A brand-new Mercedes Benz CLA200 luxury sedan caught fire in Delhi. The car belonged to 20 year old Gagan Kalra, who’s an MBA student at the Amity University in Noida. Gagan was driving back from college yesterday evening at about 4:40 PM, when the car caught fire somewhere near the Maharani Bagh area of the Delhi Noida Direct (DND) expressway. The incident led to a 4 km long traffic jam on the DND, delaying traffic for an hour.
Here’s how it panned out…
After noticing smoke emanating from the under the hood, Gagan immediately stopped the car and managed to get out in time. Thankfully. Gagan escaped unhurt even as the car was totally gutted before firefighters could reach the spot. It remains to be seen if the Mercedes CLA200 was fitted with any after market accessories, which can cause such fires. Gagan’s father Bobby Kalra, who had gifted him the car just 5 days ago, expressed shock at the incident.
Here’s what Mr. Bobby Kalra had to say about the incident,
I gifted the brand new Mercedes Benz-CLA-200 to my son Gagan, which cost over Rs 35 lakh. I cannot believe it caught fire.
Why do cars catch fire?
Any car can catch fire, from the humble Tata Nano to a super high-end Rolls Royce. One of the biggest reasons for a car catching fire is an electrical short circuit. Such short circuits generally happen when a car is fitted with after market accessories, with the fitment done in shoddy manner.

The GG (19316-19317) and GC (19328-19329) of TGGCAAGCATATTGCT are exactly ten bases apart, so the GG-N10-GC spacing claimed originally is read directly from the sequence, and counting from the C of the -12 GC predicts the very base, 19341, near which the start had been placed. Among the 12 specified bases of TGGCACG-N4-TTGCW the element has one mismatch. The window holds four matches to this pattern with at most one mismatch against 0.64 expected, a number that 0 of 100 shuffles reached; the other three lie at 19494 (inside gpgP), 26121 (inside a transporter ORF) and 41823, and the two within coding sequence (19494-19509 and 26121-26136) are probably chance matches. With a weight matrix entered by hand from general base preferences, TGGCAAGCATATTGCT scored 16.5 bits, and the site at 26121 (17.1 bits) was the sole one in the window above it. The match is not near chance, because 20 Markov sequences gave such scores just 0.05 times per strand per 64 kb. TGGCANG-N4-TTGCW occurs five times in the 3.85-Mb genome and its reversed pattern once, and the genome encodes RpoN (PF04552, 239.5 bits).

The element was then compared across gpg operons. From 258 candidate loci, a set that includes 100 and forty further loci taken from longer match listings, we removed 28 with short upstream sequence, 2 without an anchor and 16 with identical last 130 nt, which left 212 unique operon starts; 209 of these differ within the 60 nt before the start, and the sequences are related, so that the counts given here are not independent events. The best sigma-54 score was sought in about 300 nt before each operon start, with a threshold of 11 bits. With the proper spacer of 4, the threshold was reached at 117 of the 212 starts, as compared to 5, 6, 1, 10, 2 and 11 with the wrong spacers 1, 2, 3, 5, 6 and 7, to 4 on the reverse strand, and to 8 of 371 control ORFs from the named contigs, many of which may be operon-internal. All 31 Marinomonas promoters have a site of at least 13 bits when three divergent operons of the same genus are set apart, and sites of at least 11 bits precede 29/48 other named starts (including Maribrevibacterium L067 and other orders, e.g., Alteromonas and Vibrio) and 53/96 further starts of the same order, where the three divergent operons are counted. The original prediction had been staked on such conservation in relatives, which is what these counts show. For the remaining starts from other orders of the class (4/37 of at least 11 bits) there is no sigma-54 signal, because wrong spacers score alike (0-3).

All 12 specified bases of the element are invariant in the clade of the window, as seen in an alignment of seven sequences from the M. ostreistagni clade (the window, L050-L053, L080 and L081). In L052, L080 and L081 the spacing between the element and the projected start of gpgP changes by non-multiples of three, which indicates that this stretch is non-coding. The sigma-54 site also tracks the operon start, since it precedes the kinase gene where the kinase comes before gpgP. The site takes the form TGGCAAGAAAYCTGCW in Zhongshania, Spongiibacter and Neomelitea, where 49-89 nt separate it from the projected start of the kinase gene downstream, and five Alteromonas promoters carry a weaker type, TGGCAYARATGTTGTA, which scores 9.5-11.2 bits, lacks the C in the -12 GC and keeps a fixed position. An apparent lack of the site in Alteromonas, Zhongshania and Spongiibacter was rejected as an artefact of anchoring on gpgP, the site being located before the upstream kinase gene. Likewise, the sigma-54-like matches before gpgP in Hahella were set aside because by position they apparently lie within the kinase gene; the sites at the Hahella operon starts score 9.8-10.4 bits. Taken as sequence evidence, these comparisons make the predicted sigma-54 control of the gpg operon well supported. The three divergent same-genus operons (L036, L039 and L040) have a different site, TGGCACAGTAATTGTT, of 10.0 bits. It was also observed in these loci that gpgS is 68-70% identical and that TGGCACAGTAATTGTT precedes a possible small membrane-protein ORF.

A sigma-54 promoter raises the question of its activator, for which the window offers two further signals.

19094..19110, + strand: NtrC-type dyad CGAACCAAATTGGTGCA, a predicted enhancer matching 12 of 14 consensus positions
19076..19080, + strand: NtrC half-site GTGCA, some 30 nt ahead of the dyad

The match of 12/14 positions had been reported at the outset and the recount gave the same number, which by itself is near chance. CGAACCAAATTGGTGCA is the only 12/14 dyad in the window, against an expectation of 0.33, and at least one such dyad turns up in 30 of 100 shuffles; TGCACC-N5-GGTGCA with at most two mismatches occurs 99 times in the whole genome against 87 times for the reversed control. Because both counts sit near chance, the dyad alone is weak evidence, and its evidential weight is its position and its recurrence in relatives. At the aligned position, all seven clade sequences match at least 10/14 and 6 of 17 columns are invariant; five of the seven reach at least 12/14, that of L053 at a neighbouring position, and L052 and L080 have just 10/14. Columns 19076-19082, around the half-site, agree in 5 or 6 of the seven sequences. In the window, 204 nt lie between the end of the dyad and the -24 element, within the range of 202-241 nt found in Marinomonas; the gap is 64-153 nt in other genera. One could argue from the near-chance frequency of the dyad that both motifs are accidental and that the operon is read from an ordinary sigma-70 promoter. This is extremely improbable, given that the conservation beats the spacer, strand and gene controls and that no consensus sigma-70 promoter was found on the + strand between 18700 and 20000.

Splicing the stock wiring of the wire and not insulating it properly is one of the biggest reason for electrical short circuits in cars. Also, some after market accessories may put additional load on the car’s electrical system, causing fuses to blow and in the worst case, wiring to melt or catch fire.
Other reasons for car fires include poor maintenance, fitment of illegal and poor quality LPG/CNG kits, storing combustible materials in the car or the engine bay, and sometimes even smoking in the car.
What to do if your car catches fire?
- Your first concern should be occupant safety. Your car is covered by insurance so don’t worry too much about it, and while your life too may be covered by insurance, you won’t be the one collecting it!
- Keep a fire extinguisher handy. These days you get spray-can fire extinguishers filled with halon gas that can fight multiple types of fires – oil fires and electrical fires.
- Keep a life hammer in the car. A life hammer is a tool that has a pointed hammer at one end to break glass and a seat belt cutter at the other end to quickly free trapped occupants.
- In many cases of fire, people have perished ostensibly because the central locking system jammed – and it’s quite possible that could happen in a panic situation. Also with many door handles being made of plastic, a fire will quickly melt them, rendering them useless. In such cases, bashing out the windows is the only way out.
- If you don’t have a life hammer, keep the wheel spanner or similar heavy tool right next to the driver’s seat or in the door pocket.
- To extinguish a small fire, you can use a regular fire extinguisher. If it is an electrical fire, you could douse the flames with sand or water. But if it is an oil fire, water will make it worse and spread the fire. In such cases, sand would be better. However, if the fire is raging out of control, don’t try saving the car, save yourself!